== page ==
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Why to Consider Leveraged Oil ETFs Now

Sanghamitra Saha
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Oil prices have been on a tear this year. U.S. crude rose above $68 per barrel while Brent oil breached a $73 per barrel in recent trading. A host of factors led oil to a three-year high. WTI crude ETF United States Oil USO and Brent ETF United States Brent Oil BNO have added about 9% and 5.8% so far this year (as of Apr 18, 2018)  (read: Is This the Time to Play Beaten-Down MLP ETFs?).

A Drop in U.S. Oil Inventory

In the United States, the Energy Information Administration (EIA) noted on Wednesday that commercial crude stocks dropped by 1.1 million barrels in the week to Apr 13, to 427.57 million barrels, which is almost in line with the the five-year average level of around 420 million barrels.

The American Petroleum Institute (API) also reported a decline of 1.047 million barrels of United States crude oil inventories for the week ending April 13, matching analysts’ expectations. Analysts expected a draw in crude oil inventories of 1.429 million barrels.

Surging U.S. crude production has long been oil investors’ cause for concern. This only threat was keeping the OPEC-led output cut deal from pushing up oil prices further. Needless to say, news of a fall in U.S. oil inventory will boost the commodity prices.

Chances of Extension in Output Cut Deal

There are chances of an extended output cut deal for the coming 10 or 20 years thanks to the initiative between OPEC member nations and Russia. As per sources, OPEC top brass and the biggest exporter Saudi Arabia wants oil to push to the level of $80 or even $100.

This indicates Saudi’s likely intension in making no changes in the ongoing output cut deal that started in Jan 2017. Talks are rife that OPEC could “keep capping oil production after the current deal expires in December.”

The deal has so far been a success by OPEC’s parameters. Oil stocks in developed economies in February were just 43 million barrels above the latest five-year average, down from 340 million barrels above in January 2017.

Geopolitical Concerns

Geopolitical risks in the Middle East, especially the strained relationship between Saudi and Iran, can act as a key driver. Following a chemical attack on Syria, Russia and Iran have been condemned internationally for supporting to the Syrian president. Oil price reached the highest level in three years on fears of an international strike on Syria.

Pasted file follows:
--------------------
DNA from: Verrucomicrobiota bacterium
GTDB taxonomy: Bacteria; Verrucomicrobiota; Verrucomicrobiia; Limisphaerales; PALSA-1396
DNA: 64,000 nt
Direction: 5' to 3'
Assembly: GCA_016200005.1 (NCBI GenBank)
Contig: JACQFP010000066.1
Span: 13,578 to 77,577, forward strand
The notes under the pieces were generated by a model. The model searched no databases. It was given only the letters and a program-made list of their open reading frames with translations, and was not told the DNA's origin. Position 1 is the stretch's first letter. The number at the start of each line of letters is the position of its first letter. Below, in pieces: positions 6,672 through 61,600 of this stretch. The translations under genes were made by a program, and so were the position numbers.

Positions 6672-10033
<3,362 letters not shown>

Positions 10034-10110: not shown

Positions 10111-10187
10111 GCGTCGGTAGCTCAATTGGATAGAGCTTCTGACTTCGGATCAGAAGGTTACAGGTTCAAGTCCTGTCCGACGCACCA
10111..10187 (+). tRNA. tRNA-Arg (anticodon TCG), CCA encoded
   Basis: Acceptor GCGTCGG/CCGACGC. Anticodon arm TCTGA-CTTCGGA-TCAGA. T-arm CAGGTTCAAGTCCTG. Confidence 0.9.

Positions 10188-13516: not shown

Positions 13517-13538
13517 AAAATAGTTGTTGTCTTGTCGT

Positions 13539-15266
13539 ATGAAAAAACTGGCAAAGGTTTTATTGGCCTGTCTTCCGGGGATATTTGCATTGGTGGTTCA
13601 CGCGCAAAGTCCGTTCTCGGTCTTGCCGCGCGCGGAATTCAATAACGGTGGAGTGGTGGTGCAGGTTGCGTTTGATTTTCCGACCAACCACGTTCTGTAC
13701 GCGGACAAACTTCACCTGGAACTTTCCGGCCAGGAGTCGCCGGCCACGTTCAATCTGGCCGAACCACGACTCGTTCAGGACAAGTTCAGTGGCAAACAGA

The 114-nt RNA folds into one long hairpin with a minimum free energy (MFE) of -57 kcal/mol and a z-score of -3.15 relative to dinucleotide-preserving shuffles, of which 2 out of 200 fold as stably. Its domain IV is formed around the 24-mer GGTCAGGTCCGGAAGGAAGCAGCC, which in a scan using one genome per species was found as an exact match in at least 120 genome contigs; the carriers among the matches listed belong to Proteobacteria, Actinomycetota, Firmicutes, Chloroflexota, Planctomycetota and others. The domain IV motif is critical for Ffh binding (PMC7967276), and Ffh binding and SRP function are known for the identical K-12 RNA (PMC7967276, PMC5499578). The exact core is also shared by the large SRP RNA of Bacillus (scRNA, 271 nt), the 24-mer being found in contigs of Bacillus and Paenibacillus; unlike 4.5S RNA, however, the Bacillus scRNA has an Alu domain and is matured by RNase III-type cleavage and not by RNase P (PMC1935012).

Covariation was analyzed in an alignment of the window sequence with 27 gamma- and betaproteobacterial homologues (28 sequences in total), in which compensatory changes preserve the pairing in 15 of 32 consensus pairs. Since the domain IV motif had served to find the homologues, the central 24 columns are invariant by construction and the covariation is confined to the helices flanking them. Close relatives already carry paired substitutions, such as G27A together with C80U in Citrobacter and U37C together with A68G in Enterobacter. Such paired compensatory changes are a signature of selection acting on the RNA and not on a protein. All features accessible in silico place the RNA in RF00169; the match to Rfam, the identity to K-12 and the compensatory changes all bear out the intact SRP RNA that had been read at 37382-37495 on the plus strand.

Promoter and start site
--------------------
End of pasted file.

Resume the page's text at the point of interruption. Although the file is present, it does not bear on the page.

Though Syria is not a key oil producer, if military action takes place in the region, crude flows across the wider Middle East, which is one of the major oil producers and accounts for one-third of the total world’s oil, could be disrupted. Plus, the possibility of the United States posing new sanctions against Iran is also driving oil price higher (read: Oil Price Jumps on Syria Turmoil: ETFs & Stocks to Trade).

Venezuela Crisis

Venezuela, which has the world's largest proven oil reserves, has been registering a decline in crude production in recent years. IEA warned that Venezuela’s situation is worse enough to send the oil market into deficit (read: 6 Reasons to Buy These Energy ETFs and Stocks Now).

Leveraged Oil ETFs in Focus

While there are several ETFs to play the rally in oil prices, we have highlighted threeleveraged products that can give investors inflated returns in an oil boom.

Ultra Bloomberg Crude Oil UCO – Up 17.3% YTD

ProShares Ultra Bloomberg Crude Oil looks to offer exposure to two times the daily performance of the Bloomberg WTI Crude Oil Subindex. The product charges 95 bps in fees (read: Energy ETFs Rally: Will the Gains Last?).

UBS ETRACS - ProShares Daily 3x Long Crude ETN WTIU– Up 24.5% YTD

The product is an exchange-traded note linked to the daily compounded 3x leveraged performance of the Bloomberg WTI Crude Oil Subindex ER, less investor fees. Its expense ratio is 1.45%.

United States 3x Oil Fund USOU – Up 23.9% YTD

The product seeks to reflect three times the daily price movements of West Texas Intermediate (WTI) light, sweet crude oil. Total expense ratio of the fund is 1.00%.

Bottom Line

The leveraged investing strategy is highly beneficial for short-term traders and it could lead to huge losses compared to traditional funds in volatile markets. So, it’s better to invest in a leveraged product as long as the trend is your friend.

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